> the same. Both of these guys were tall for the 2G slot, so they
                    > wouldn't then see the kind of decline a 6'3" 2G like David Sanders
                    > (Ole Miss) will see, who is similarly efficient.
                    >
                    > Big men like the 7-footers do not have the height problem since
                    they
                    > join the league without serious changes in their opposition, except
                    > in strength, which we account for with the NCAA-NBA shift, I think.
                    >
                    > This is a worthy project. Anyone want to add to the measurable or
                    > possibly measurable factors we should consider?
                    >
                    > Dean Oliver
                  • harlanzo
                    I think the baseball translations work a little better than a basketball one would. The important thing to recognize is that translations in baseball seem to
                    Message 9 of 20 , Apr 10, 2002
                      I think the baseball translations work a little better than a
                      basketball one would. The important thing to recognize is that
                      translations in baseball seem to vary by league. Similarly in
                      basketball, a 20 ppg scorer in the ivy league does not equal to one
                      in the ACC. So I am not sure how to quantify this difference. The
                      only two ways to do this is by comparing the success of players from
                      these conferences and run something proportionally. Of course this
                      is problematic because so few players from the inferior conferences
                      make the NBA that the sample size is too small to make a meaningful
                      projection. You might generalize between confernences of similar
                      ability (ie super conferences, mid-size conferences, and small
                      timers) and thus create a bigger pool for comparison. (You could
                      also only look at stats of small time players when they play big
                      schools).

                      on top of this issue, is the fact that most stats are dependents on
                      systems and opportunity in basketball much more so than in baseball
                      which could also skew comparisons.



                      --- In APBR_analysis@y..., "HoopStudies" <deano@r...> wrote:
                      > --- In APBR_analysis@y..., Ed Weiland <weiland1029@y...> wrote:
                      > > Superstar teammates. Vince Carter played second fiddle
                      > > to Antawn Jamison at Carolina. His numbers were OK,
                      > > but hardly eye-popping, other than the .591 FG pct.
                      > > his junior year. Vince gets to the pros and he's a
                      > > superstar.
                      >
                      > Ed did a good job listing factors. This superstar teammate factor
                      is
                      > one that I want to understand using those curves I put out many
                      > emails ago. I think there are shifts in the curves we can identify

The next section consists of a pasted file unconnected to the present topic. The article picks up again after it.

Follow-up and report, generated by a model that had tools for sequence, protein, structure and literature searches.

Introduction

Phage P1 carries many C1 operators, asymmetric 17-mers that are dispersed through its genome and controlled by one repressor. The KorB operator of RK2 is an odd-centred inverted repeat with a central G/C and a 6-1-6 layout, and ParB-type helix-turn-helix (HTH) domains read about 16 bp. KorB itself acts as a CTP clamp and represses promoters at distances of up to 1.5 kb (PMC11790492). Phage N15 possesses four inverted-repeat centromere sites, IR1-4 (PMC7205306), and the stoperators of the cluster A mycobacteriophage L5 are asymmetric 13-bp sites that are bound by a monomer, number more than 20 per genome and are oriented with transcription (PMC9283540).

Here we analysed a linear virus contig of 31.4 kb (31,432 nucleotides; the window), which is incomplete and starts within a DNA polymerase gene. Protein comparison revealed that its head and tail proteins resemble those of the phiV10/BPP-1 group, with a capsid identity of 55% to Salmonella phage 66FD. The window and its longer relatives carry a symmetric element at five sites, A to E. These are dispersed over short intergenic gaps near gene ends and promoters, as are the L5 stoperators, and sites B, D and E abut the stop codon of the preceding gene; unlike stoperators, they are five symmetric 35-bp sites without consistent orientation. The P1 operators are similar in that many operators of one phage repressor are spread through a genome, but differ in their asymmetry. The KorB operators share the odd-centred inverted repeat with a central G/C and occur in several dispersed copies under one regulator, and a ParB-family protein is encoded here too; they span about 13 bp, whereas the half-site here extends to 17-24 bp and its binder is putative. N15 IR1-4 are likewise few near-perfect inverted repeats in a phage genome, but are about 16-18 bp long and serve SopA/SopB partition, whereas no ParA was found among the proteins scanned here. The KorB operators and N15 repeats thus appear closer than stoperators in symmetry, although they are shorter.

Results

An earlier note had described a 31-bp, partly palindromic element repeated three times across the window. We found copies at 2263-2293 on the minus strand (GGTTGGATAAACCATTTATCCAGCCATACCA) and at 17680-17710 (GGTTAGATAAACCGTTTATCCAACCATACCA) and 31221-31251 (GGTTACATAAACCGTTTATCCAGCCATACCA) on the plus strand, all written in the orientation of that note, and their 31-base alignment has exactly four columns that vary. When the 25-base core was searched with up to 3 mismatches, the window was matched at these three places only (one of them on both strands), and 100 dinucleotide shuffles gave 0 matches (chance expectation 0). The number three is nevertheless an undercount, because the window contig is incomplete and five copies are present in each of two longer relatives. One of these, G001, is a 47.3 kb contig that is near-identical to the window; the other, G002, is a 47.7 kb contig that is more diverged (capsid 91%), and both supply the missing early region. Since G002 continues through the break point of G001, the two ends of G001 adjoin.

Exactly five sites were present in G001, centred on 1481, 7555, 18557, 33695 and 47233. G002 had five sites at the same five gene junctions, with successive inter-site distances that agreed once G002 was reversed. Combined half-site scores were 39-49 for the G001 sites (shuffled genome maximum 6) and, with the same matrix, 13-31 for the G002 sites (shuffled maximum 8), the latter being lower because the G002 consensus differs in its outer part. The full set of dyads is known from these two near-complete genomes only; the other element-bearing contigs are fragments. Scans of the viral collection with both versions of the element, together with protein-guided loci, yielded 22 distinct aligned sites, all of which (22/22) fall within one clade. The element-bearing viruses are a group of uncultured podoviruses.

> based on context. I think there is also a basic shift just going
                      up
                      > a level. Carter was extremely efficient in college at a fairly
                      high,
                      > but not overly high, number of possessions per minute. Jordan was
                      > the same. Both of these guys were tall for the 2G slot, so they
                      > wouldn't then see the kind of decline a 6'3" 2G like David Sanders
                      > (Ole Miss) will see, who is similarly efficient.
                      >
                      > Big men like the 7-footers do not have the height problem since
                      they
                      > join the league without serious changes in their opposition, except
                      > in strength, which we account for with the NCAA-NBA shift, I think.
                      >
                      > This is a worthy project. Anyone want to add to the measurable or
                      > possibly measurable factors we should consider?
                      >
                      > Dean Oliver
                    • thedawgsareout
                      ... Yes, the baseball translations are not just by level, but by league. The Pacific Coast League, for example, is AAA, as is the International League, but the
                      Message 10 of 20 , Apr 11, 2002
                        --- In APBR_analysis@y..., "harlanzo" <harlanzo@y...> wrote:
                        > I think the baseball translations work a little better than a
                        > basketball one would. The important thing to recognize is that
                        > translations in baseball seem to vary by league. Similarly in
                        > basketball, a 20 ppg scorer in the ivy league does not equal to one
                        > in the ACC. So I am not sure how to quantify this difference.

                        Yes, the baseball translations are not just by level, but by league.
                        The Pacific Coast League, for example, is AAA, as is the
                        International League, but the IL is considered a higher-quality
                        league. The way these translations work is with a MLE -- Minor League
                        Equivalency, developed, like everything else, by Bill James.

                        The first of many problems we find in trying to do the same for the
                        NCAA is that even within the leagues themselves, teams are playing
                        widely variant schedules. About 40% of games are going to be non-